A hip young cast is made to look desperately unhip in “200 Cigarettes,” a dismally unfunny farce about a group of aggressively self-absorbed characters looking for a good time in New York City on New Year’s Eve, 1981. Catchy title, campaign and soundtrack could ignite some initial teen B.O., but word-of-mouth will insure that a surgeon general’s report won’t be needed to warn people off of this one.
Presence of 11 — count ’em, 11 — producers on this featherweight project will provide ammo for those who like to point out the involvement of too many cooks on film projects, as well as for those who like to ask, “Didn’t any of them read the script?” It’s clear from the first few minutes that the performers are fighting an uphill battle against lame material, and the situation never improves as pic labors on.
First-time screenwriter Shana Larsen approaches her ensemble piece with two ploys: to send unattached, on-the-prowl scenesters out into the East Village streets anxious to party, and to so woefully mismatch those who are paired up as evening begins that they’re motivated to make changes by night’s end. In both cases, desperate and predatory personality traits come immediately to the fore rather than anything that might make one take an interest in any of these unamusingly maladroit characters.
Flimsy framework is provided by a party that Monica (Martha Plimpton) hopes will be happening in her loft; however, she becomes increasingly depressed and paranoid as the hour presses ever closer to midnight and the only guest to have shown up is her pushy ex-boyfriend Eric (Brian McCardie), who comes to rue his demanding to know the real reason Monica stopped seeing him.
Only marginally more engaging are Lucy (Courtney Love) and Kevin (Paul Rudd), platonic roommates with very different agendas for the evening; the one-track-minded Lucy wants to score with the first attractive guy she spots, who turns out to be a bartender (Ben Affleck), while the morose Kevin basically wants to kill himself over his breakup with tart-tongued performance artist Ellie (Janeane Garofalo).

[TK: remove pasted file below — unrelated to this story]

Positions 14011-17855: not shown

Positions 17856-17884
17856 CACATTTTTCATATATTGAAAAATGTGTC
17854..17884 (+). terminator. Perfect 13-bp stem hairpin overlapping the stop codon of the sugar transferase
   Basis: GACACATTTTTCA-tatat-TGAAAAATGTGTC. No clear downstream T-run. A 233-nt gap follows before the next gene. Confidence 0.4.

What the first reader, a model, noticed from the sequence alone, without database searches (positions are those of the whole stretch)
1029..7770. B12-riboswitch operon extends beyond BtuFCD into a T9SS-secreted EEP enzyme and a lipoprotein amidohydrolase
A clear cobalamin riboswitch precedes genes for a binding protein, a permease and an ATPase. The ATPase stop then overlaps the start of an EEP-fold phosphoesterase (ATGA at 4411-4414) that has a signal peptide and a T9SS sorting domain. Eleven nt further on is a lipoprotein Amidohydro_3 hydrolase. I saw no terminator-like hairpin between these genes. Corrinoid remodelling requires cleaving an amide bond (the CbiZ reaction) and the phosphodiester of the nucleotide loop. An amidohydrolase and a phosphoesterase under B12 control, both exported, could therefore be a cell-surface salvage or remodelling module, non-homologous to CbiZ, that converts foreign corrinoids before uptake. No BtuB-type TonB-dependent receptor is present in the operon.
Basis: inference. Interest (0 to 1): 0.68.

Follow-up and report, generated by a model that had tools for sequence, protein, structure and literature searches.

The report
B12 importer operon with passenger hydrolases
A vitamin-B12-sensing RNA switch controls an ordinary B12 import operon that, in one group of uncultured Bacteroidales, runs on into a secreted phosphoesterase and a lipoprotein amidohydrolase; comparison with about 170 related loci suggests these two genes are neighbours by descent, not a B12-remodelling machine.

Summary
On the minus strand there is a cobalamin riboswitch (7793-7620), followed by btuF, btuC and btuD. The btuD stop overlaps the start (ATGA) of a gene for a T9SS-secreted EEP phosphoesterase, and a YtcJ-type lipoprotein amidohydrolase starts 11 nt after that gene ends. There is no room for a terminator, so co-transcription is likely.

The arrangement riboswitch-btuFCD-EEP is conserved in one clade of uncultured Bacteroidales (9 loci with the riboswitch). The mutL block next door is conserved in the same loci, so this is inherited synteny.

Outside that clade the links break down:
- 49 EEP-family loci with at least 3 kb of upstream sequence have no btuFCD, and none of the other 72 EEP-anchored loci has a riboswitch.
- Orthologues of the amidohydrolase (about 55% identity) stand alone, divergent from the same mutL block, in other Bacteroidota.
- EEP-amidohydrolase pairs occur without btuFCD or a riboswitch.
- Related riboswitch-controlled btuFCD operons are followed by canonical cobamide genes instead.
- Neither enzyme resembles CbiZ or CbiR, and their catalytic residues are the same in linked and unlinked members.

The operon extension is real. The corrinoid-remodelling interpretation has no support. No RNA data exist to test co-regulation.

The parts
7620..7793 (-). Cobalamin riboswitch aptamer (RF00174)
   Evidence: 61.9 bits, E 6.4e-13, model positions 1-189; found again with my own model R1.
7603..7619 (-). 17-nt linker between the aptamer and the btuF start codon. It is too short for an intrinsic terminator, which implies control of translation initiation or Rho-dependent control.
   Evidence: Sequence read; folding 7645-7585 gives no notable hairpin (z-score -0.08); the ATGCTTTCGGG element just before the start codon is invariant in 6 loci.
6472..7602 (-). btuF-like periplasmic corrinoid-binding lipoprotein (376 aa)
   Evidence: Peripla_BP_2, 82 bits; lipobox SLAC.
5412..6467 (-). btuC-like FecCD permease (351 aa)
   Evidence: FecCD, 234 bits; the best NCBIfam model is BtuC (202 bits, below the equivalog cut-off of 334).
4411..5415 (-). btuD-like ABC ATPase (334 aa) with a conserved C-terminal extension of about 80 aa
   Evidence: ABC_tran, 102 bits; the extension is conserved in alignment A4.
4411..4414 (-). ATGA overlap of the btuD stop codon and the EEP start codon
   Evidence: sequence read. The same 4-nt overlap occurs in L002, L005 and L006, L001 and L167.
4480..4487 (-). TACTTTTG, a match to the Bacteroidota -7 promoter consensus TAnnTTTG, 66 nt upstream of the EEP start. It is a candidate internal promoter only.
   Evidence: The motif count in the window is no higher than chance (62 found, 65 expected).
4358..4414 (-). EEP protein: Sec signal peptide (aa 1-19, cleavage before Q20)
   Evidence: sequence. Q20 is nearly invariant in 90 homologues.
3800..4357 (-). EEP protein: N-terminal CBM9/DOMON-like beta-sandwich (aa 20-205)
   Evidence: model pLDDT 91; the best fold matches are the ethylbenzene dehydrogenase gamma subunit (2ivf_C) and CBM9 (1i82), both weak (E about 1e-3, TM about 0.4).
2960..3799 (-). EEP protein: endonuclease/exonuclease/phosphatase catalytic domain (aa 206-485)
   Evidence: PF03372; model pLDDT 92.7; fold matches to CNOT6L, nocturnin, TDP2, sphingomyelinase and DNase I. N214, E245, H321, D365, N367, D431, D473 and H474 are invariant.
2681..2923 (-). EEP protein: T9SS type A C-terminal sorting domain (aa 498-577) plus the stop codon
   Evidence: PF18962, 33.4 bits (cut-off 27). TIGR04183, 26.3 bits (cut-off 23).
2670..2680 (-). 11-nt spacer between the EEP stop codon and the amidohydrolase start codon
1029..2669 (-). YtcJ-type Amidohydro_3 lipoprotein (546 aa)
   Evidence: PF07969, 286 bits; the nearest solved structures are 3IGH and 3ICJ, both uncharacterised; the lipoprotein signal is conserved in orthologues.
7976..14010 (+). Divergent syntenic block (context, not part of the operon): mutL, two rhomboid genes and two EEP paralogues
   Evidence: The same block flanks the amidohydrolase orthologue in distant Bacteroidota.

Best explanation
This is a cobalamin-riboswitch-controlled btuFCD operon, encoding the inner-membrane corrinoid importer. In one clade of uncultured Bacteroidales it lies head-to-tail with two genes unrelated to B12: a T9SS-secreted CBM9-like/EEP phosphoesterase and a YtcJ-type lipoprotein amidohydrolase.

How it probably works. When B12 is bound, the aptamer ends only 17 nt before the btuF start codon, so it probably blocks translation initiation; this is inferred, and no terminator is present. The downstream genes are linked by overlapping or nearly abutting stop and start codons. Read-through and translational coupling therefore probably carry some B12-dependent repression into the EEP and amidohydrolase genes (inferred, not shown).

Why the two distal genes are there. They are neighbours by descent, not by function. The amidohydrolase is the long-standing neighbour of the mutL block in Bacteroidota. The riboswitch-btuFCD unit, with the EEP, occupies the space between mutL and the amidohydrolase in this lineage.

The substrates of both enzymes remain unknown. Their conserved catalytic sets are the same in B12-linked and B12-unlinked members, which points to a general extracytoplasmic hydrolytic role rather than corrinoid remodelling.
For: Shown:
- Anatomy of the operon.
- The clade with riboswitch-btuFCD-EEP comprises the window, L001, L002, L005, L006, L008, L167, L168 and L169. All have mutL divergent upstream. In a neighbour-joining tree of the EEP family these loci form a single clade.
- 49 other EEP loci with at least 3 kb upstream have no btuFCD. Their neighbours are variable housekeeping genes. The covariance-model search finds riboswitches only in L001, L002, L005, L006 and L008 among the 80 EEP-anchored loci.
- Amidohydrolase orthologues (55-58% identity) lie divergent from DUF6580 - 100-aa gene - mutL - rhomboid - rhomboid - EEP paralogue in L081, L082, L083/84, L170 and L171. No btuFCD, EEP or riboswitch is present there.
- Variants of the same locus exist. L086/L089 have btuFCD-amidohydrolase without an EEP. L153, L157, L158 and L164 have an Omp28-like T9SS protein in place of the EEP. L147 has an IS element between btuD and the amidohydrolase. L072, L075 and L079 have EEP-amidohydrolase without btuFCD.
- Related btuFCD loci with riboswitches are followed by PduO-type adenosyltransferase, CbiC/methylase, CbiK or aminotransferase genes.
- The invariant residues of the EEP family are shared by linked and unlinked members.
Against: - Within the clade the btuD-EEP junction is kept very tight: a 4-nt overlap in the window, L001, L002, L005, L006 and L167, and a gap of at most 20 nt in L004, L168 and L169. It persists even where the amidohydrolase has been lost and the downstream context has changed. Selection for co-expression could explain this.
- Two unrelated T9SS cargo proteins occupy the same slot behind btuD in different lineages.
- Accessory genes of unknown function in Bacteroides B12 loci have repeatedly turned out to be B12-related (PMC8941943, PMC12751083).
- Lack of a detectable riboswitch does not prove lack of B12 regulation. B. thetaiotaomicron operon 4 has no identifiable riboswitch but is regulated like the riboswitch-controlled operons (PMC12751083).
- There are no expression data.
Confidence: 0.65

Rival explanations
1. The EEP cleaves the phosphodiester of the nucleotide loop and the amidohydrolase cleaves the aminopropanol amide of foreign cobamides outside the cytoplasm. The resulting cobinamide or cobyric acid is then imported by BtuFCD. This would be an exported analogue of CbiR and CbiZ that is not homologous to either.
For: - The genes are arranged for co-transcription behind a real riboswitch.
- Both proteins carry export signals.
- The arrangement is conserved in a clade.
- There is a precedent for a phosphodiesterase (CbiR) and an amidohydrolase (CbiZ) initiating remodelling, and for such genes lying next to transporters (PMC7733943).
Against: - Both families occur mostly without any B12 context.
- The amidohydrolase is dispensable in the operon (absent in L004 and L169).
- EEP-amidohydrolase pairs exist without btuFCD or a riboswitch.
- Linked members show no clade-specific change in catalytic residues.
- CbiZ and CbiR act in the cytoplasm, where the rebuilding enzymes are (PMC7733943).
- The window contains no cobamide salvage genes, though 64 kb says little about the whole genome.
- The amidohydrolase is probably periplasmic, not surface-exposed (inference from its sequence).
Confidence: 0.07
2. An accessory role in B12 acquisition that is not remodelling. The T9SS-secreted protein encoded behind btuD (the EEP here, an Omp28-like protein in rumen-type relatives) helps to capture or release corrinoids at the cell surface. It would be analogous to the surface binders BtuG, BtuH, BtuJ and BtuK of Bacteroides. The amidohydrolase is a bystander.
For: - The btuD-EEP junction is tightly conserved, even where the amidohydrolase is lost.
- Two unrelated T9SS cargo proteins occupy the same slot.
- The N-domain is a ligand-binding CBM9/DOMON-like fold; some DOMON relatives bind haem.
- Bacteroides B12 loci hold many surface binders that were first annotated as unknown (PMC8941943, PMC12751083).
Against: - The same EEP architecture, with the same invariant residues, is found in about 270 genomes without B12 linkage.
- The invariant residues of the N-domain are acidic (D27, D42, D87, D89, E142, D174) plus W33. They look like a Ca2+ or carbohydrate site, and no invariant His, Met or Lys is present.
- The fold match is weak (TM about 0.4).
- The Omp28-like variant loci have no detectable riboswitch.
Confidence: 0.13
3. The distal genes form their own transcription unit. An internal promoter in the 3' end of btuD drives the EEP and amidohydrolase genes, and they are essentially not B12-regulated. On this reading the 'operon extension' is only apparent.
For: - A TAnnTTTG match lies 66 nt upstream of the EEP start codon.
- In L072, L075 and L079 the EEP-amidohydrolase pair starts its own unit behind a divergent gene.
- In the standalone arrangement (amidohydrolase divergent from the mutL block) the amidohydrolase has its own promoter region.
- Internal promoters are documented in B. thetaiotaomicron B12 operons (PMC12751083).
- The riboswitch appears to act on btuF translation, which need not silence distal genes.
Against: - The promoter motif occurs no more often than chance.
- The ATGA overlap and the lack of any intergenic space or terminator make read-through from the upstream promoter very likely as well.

Out looking for kicks are two pairs of girls, dim-bulb suburbanites Val (Christina Ricci) and Stephie (Gaby Hoffmann), who are pursued by a couple of freaky looking punks (Casey Affleck, Guillermo Diaz), and the coarse Bridget (Nicole Parker) and Caitlyn (Angela Featherstone), who also set their sights on the bartender.
Last and almost certainly least is a pathetic little story strand devoted to a naive and prim young lady, Cindy (Kate Hudson), who has just lost her virginity the night before to Jack (Jay Mohr), a polite but callow fellow whose big complaint in life is that women immediately fall in love with him the first time he takes them to bed. Dave Chappelle eagerly plays a cabbie who picks up a number of the night prowlers along the way.
Most of the relentless chatter here centers on the characters’ speculation about their sex lives: whom they might hook up with, why so-and-so decided to break up, if someone’s attractive or not, and so on. No irony or point-of-view is applied to their heated quests for self-gratification, nor is any used in the portrait of the colorful period, a moment immediately pre-AIDS awareness when the sexual freedom and cultural anarchy of the late ’70s was about to change. Pic becomes as frenetically absorbed in the characters’ immediate dilemmas as they are, to extremely tiresome results.
It’s questionable if any director could have surmounted the script’s limitations, but vet casting director Risa Bramon Garcia, in her helming debut, indulges far too much in farcical pratfalls that don’t feel right in context. Of the performers, only Garofalo and Ben Affleck manage to project any wit that cracks through the prevailing humorlessness.
Befitting a picture co-produced by MTV, the proceedings are wallpapered with vintage tunes — 49 of them, to be precise — with an emphasis on Blondie and Elvis Costello, the latter of whom pops up briefly as himself. Tech considerations are just so-so, with several badly matched cuts jumping out in distracting fashion.